Paper Towel Writing

paper towel writing

 

What is even better than paper towel art?  Paper towel learning!  Just write with markers on a paper towel.  Then use an eye dropper filled with water to “explode” the words into art. I think this would be a great way to get reluctant writers to practice handwriting.  Watching water transform their words is built-in motivation.  And how easy would it be to set your kiddo up with a paper towel and marker to practice her spelling words at breakfast?

Use paper towel writing to practice:

  • letters
  • numbers
  • his own name
  • sight words
  • spelling words

Rooster’s Off to See the World- Activities

Rooster's off to see the world activitiesRooster’s Off to See the World by Eric Carle is a second-grade reading level book.  It is a wonderful read aloud to younger kids, especially when read with other Eric Carle favorites.  It tells the story of a rooster who wants to travel and asks several animals to come along with him.

(Common Core Standards appear in italics.  They correlate with specific standards in different grade levels.  These standards are used in almost every school in the country.  Click the Common Core tab above to learn more.)

  • Practice math- Do verbal or written story problems following along with the story.  1 rooster + 2 cats+ 2 frogs+ 4 turtles+ 5 fish = how many animals in all?  When the animals leave, write the subtraction problems.  (first grade- Solve word problems that call for addition of three whole numbers whose sum is less than or equal to 20)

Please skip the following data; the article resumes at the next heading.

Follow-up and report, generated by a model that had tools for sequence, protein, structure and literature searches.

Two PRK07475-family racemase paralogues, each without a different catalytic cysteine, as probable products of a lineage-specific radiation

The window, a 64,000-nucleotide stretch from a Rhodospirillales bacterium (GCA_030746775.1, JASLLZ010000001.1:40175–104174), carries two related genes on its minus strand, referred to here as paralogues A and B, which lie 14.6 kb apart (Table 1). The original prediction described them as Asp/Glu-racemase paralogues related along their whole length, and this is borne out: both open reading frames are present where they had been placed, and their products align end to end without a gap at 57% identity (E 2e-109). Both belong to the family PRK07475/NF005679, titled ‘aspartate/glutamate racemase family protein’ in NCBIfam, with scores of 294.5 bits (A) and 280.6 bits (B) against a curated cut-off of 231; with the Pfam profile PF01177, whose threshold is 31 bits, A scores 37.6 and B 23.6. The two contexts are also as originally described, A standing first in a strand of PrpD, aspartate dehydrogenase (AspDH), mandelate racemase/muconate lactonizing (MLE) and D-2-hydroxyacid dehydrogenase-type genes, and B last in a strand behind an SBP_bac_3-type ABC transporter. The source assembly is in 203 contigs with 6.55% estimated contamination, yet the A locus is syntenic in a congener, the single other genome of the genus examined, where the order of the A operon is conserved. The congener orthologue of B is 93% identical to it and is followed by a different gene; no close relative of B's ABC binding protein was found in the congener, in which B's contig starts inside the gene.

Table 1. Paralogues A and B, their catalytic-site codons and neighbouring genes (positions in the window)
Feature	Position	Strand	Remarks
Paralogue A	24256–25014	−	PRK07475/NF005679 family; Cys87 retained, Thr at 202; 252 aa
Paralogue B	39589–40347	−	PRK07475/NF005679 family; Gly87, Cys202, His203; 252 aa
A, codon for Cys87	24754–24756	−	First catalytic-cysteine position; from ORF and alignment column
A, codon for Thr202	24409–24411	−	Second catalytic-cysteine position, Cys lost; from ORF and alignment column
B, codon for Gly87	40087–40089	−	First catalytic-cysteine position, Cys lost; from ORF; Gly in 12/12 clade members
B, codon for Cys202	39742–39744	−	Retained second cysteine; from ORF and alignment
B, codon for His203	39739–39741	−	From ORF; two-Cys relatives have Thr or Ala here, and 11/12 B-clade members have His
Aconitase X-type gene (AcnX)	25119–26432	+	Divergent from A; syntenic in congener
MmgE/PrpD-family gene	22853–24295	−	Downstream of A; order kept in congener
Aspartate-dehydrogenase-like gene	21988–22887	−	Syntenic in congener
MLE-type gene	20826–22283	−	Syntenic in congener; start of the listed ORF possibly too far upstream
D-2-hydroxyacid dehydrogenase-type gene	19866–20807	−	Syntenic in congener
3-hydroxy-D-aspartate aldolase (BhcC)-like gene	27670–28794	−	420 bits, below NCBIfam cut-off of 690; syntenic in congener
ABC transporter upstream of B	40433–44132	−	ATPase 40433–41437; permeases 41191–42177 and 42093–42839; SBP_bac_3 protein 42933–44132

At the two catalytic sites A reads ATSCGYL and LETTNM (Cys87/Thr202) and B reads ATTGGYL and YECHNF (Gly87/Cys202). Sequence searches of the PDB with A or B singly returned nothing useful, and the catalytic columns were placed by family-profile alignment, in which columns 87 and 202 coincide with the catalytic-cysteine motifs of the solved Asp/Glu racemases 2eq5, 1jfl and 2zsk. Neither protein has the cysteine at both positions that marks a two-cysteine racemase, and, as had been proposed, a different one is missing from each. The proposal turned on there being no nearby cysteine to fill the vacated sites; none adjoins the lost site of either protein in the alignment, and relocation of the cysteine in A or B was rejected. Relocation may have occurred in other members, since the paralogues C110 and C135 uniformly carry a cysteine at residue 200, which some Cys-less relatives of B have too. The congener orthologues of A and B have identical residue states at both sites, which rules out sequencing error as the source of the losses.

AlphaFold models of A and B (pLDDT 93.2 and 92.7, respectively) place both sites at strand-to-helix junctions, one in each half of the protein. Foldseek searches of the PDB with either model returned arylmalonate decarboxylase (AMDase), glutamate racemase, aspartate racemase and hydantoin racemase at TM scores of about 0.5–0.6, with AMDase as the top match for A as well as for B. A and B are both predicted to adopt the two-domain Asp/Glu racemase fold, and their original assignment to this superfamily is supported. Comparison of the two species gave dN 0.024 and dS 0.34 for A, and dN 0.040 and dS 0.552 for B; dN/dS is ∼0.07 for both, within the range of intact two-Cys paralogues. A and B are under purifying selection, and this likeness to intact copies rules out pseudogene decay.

• Read with voice- This book makes a great read aloud.  Try out different voices for each of the animals.  Pay attention to words the author uses such as purred, snapped, or complained.  (second grade-Acknowledge differences in the points of view of characters, including by speaking in a different voice for each character when reading dialogue aloud.)
  • Alternatives to said– This activity goes along with reading with voice.  Make a list of all the words used instead of “said.”  Talk about why the author used these different words.  See if your child can use some of the new words in her writing.
  • Act it out- Use puppets or yourself to act out the story.  Maybe you could be the rooster and your child play the part of the other animals.
  • Write the sequel– The story ends with rooster dreaming about a trip around the world.  Where would he go?  What would he do?  Have your child make up the rest of the story and you can write it down.
  • Text to self connection- Ask your child to explain when he has felt like the characters in the story- excited for a trip, lonely, or homesick.  (first grade- Describe people, places, things, and events with relevant details, expressing ideas and feelings clearly)

Fun Ways to Practice Handwriting

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Ugh.  How can handwriting be fun?  Whether you are teaching little ones to write letters for the first time, or trying to get your elementary kiddo to practice his handwriting, here are some ideas to try out:

WRITING TOOLS- Don’t get stuck in the pencil and paper rut.  Get creative and try out some new tools!

  • colored pencils–  It’s more fun, but might lead to frustration when it won’t erase.
  • crayons- Same as colored pencils, but they come in more shapes (big, triangular, etc.) for little hands.
  • pens– Kids are usually very motivated to write with a pen.  Maybe it seems grown-up?  Let them pick out a cool pen with a character, feather, or other funny top.
  • markers– Save yourself some headache and only have washable markers in the house!
  • chalk– Use on paper or outside.  What could be better than enjoying some sunshine and practicing letters on the sidewalk?  Not the best for cursive, but great for teaching preschoolers.
  • dry erase markers– Very easy to erase, but watch out that they only mark on the board!
  • Magna Doodle– My girls love writing on them!  I love them because they are easy to keep in my purse or the car for on-the-go entertainment.